3. And after all the comments and predictions on here for ages….the Liberal party….after 3 elections! when most people automatically want a change….still got 2 seats!

    The other big winner is the NDP…and considering we’ve had a bad experience with them before….it was ABC….anybody but Cons

  4. A bit disappointed that this only translated into 1 seat for the PCs. Ottawa South was winnable.

    But some perspective. Popular vote was as follows:

    PC – 36.9%
    Lib – 31.9%
    NDP – 31.2%

    Take out the union stronghold of Windsor, which NEVER votes PC, and it looks like this in the other 4 seats.

    PC – 39.8%
    LIB – 35.4%
    NDP – 24.9%

    For four liberal strongholds held by cabinet members, getting 40% is actually not horrible even if the vote splits were unfortunate, plus the obvious bloodbath in Windsor that would happen regardless of who the PC leader is.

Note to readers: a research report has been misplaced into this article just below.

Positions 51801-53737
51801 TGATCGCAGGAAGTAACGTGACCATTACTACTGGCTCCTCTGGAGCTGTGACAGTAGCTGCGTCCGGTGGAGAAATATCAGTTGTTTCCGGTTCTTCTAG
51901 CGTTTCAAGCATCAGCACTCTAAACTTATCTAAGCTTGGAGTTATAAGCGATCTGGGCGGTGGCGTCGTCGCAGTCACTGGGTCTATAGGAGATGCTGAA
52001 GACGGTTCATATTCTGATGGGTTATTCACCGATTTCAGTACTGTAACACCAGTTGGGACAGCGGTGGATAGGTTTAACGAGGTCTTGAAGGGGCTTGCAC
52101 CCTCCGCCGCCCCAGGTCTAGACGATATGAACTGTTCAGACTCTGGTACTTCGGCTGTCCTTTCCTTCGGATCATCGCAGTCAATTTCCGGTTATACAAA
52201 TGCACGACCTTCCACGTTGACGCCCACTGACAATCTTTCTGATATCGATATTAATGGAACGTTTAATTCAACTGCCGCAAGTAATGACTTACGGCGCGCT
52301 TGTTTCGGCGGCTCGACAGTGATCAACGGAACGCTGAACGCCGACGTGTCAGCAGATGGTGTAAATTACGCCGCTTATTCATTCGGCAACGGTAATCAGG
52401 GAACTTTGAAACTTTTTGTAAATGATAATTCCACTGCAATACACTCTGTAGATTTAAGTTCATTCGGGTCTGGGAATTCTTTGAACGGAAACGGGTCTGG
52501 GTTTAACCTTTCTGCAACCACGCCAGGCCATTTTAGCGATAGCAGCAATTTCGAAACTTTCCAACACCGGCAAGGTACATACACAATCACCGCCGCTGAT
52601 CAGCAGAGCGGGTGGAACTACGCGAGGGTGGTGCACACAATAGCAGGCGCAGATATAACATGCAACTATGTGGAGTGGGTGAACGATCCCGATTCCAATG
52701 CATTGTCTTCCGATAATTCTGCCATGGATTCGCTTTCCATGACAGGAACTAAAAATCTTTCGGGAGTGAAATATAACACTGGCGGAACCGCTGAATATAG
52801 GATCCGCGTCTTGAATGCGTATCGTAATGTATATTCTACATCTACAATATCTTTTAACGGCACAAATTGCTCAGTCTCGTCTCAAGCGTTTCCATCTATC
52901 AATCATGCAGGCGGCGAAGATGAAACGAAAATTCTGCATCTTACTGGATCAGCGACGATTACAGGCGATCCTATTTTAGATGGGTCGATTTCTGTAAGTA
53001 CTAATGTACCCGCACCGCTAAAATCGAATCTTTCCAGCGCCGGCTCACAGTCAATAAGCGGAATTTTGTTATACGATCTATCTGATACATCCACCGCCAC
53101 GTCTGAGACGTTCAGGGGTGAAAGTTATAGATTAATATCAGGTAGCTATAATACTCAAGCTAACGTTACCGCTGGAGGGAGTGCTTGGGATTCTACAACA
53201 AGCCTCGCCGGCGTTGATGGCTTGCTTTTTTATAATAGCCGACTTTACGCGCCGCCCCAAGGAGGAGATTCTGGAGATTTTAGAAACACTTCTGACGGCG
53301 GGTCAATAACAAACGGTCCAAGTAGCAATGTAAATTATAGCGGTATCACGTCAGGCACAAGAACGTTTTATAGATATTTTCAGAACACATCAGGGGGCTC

Yesterday I was convinced that Hudak should resign. But a bit of sober second thought, and the fact that there is no obvious replacement, means the PCs are stuck with him for one more try.

    • Why not go whole hog and get Randy Hillier as leader…..

    • Try doing a weighted percentage. Straight totals are meaningless. A large vote in one riding can completely unbalance the calculations.

      The weighted percentages are as follows.

      NDP – 39%
      PC – 37%
      Lib – 24%

      Good news for the NDP and the PCs. Not such good news for the Liberals. This is the result in liberal ridings.

      During a provincial election if the NDP and PC support increase in their riding and the liberal ridings split as they did above the result would be an NDP government. The current numbers leave not doubt about that.